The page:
3. Apply business logic using scala constructs or hive queries
4. Load data into HDFS or Hive targets
5. Execute spark programs through spark submit

Read on for a sample flow.

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Join Execution in Apache Spark

Ajay Gupta takes us through join operations in Apache Spark:

Join operations are often used in a typical data analytics flow in order to correlate two data sets. Apache Spark, being a unified analytics engine, has also provided a solid foundation to execute a wide variety of Join scenarios.

At a very high level, Join operates on two input data sets and the operation works by matching each of the data records belonging to one of the input data sets with every other data record belonging to another input data set. On finding a match or a non-match (as per a given condition), the Join operation could either output an individual record, being matched, from either of the two data sets or a Joined record. The joined record basically represents the combination of individual records, being matched, from both the data sets.

Click through for more information on the mechanics of joining, including trade-offs between types of physical join operators.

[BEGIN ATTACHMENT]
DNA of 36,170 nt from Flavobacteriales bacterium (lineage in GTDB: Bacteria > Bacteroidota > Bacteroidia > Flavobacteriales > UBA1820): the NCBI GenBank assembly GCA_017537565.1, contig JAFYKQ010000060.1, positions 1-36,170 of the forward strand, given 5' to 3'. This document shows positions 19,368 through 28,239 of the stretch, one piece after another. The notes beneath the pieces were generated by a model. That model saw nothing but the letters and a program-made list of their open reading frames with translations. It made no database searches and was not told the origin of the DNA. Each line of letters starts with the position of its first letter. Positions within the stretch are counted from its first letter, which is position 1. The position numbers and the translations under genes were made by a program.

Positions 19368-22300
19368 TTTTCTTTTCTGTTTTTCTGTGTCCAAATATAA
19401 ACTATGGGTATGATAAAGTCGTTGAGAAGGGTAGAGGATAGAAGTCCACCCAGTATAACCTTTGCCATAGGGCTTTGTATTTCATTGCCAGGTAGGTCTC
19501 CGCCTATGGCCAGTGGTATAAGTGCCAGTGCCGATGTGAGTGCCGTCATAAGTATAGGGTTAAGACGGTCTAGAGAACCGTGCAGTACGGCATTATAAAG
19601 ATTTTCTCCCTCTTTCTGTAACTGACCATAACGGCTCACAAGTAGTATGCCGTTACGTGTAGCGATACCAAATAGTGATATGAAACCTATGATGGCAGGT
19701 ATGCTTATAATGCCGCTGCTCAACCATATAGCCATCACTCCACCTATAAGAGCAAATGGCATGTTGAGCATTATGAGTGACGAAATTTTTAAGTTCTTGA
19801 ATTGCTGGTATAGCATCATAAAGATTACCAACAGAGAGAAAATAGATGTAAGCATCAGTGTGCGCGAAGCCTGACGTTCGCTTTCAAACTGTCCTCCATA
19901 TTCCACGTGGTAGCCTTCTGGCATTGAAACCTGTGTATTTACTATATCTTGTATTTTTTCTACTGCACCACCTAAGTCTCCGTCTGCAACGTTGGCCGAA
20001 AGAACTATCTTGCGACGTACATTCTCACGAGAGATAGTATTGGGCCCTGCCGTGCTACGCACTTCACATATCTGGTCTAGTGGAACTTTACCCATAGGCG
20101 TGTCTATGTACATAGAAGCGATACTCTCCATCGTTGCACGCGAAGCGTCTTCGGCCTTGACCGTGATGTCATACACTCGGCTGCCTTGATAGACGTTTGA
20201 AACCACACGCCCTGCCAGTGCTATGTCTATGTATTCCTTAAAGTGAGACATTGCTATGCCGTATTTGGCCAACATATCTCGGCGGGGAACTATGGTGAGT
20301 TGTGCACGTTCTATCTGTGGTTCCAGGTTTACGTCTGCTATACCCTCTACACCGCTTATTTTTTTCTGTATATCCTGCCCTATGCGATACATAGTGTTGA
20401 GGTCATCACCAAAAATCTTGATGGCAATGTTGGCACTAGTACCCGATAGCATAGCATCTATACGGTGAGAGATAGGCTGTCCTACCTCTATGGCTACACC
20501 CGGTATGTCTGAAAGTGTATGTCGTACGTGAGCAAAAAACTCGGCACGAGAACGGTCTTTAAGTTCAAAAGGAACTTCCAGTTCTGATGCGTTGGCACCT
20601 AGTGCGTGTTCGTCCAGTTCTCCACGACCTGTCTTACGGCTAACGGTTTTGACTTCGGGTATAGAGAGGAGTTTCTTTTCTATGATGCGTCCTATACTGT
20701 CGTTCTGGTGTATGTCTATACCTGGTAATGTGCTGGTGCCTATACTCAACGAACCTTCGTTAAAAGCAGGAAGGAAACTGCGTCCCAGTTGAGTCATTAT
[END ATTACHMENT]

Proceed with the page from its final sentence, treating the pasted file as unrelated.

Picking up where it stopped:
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Adding Libraries in Databricks

Arun Sirpal has some third-party libraries to add:

It is a really common requirement to add specific libraries to databricks. Libraries can be written in Python, Java, Scala, and R. You can upload Java, Scala, and Python libraries and point to external packages in PyPI, Maven, and CRAN repositories.

Libraries can be added in 3 scopes. Workspace, Notebook-scoped and cluster. I want to show you have easy it is to add (and search) for a library that you can add to the cluster, so that all notebooks attached to the cluster can leverage the library.

I’m hoping that loading libraries in Azure Synapse Analytics will, at some point, be this convenient.

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Dotnet-Spark UDFs and Missing Shared State

Ed Elliott uncovers a mystery:

To understand this we need to take a look at how we can create a UDF in .NET that is called by the Java VM Apache Spark code because, that is logically, what happens. In our application we call into Apache Spark and ask it to do things like read from a file, run some transformation and write files back out again. With UDF’s, we ask Spark to run a UDF and Spark comes back to our UDF, passing it some data and asks the UDF to execute but the Java VM does not understand how to execute .NET code.

Read the whole thing.